The nine-year-old is one of the youngest high school graduates, receiving his diploma from Reach Cyber Charter School in Harrisburg, PA. After graduation, Balogun was invited by NASA and the Maryland-based Space Telescope Science Institute to visit the James Webb Space Telescope Mission Operations Center in Baltimore. His story made headlines and Hannah Braun, the institute’s spokesperson, said the team just had to meet him.
“I had actually seen David’s story all over social media and thought, ‘Wow, I’d bet he’d find a trip to Webb’s Mission Operations Center exciting!’” Braun said to Atlanta Black Star.
What they didn’t know was that he was going to teach them a thing or two, all without being on this earth for even 10 years yet. “We don’t have children visit the center really, besides families of employees on occasion, so the crew didn’t quite know what to expect with David.”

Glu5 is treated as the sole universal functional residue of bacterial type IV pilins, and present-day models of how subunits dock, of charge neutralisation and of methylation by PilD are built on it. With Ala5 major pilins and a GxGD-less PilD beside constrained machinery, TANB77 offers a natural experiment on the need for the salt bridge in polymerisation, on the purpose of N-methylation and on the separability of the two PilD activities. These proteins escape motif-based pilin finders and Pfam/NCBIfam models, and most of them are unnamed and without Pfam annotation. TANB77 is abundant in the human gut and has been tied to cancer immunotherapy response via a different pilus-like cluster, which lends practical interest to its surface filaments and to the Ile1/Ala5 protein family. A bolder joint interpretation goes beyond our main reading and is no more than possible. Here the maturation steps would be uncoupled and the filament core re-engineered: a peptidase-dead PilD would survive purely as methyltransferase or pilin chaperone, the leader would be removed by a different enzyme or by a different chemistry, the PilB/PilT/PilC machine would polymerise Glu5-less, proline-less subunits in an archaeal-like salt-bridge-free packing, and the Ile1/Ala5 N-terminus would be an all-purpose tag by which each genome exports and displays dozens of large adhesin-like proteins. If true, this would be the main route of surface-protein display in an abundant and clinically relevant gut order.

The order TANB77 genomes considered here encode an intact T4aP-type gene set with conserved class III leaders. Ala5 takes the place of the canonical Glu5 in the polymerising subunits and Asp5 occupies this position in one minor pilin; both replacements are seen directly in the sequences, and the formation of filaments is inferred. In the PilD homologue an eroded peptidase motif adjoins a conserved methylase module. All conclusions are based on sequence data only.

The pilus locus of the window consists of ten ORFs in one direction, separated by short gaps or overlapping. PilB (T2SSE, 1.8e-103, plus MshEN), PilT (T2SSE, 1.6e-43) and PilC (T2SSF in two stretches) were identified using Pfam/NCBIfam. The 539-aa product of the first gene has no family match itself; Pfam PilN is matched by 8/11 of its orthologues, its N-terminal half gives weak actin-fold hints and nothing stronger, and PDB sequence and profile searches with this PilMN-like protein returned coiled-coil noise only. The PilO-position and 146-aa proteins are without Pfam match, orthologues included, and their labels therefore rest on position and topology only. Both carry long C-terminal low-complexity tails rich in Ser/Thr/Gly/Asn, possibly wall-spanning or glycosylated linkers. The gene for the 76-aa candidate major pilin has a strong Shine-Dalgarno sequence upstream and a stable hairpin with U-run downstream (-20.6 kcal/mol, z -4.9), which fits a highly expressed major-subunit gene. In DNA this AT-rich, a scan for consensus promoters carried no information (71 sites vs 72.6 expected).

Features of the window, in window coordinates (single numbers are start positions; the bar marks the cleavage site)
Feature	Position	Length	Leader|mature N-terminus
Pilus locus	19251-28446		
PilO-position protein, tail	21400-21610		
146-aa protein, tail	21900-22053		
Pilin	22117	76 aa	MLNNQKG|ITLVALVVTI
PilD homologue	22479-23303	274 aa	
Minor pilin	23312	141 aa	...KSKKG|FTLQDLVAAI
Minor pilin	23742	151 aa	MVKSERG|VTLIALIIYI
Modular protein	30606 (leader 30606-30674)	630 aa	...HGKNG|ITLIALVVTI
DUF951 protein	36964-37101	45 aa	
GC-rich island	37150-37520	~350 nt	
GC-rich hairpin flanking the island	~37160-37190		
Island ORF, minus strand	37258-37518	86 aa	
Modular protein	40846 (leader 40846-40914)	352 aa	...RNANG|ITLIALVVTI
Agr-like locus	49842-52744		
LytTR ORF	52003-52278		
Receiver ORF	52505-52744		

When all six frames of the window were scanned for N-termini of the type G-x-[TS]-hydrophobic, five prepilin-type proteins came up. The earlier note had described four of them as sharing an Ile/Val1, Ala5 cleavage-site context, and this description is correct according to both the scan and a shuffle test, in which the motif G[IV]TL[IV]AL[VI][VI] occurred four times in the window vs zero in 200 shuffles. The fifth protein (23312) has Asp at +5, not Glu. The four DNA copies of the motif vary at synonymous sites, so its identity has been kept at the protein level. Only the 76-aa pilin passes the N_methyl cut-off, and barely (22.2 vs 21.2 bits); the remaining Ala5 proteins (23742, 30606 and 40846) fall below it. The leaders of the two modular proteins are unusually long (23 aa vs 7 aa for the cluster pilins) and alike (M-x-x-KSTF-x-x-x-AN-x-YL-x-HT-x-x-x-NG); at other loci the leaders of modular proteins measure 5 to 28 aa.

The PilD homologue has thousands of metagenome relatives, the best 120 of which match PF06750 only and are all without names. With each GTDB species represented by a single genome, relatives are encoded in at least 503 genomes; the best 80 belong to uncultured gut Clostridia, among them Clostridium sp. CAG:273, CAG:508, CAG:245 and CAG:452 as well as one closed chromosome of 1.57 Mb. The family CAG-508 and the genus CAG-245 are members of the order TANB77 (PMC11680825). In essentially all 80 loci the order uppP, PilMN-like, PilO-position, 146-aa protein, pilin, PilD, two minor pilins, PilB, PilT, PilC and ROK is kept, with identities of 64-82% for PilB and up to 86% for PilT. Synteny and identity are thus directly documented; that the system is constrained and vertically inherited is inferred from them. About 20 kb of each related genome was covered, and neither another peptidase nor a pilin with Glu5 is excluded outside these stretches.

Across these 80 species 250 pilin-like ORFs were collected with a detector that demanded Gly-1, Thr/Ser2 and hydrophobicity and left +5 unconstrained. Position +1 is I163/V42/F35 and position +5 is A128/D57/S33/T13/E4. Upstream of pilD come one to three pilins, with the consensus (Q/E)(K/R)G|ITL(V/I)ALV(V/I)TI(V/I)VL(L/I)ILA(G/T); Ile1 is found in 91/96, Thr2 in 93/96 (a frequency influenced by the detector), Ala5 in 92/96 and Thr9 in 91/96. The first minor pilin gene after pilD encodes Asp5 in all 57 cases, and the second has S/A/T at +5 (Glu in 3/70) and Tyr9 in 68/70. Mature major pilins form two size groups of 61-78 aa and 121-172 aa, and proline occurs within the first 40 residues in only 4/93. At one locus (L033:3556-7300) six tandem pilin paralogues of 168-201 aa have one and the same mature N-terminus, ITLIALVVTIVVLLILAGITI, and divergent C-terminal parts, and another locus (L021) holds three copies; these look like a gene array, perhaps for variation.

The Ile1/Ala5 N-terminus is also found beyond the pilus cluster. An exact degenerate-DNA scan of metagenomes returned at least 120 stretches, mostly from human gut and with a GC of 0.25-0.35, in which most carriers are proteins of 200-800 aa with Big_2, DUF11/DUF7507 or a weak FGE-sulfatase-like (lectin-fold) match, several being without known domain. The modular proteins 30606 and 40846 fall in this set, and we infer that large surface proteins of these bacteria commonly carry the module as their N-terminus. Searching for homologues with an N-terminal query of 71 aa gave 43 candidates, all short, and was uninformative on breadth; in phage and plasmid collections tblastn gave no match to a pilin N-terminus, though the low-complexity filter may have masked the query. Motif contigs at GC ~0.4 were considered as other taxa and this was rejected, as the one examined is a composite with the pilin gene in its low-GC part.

In his orange NASA space suit, the scientists, who provided the tour, were instantly impressed with the child’s knowledge of the science. In the Flight Control Room, Balogun watched them do a “mock-up for the soundcheck,” a process done with astronauts before they take off. Described as “inquisitive,” the young genius started talking about something they had never heard of before – Super Saturn. “What’s that?” Braun recalled asking. “So then we got to Googling.”
Balogun already has his career plans set, with his eyes set on being an astrophysicist, chemist, engineer, and software designer. But before that, he is prepping for college. Most would think Balogun would go to Harvard, but his father, Henry Balogun, is doing research on what the best fit will be. “Am I going to throw my nine-year-old into Harvard while I’m living in Pennsylvania? No.”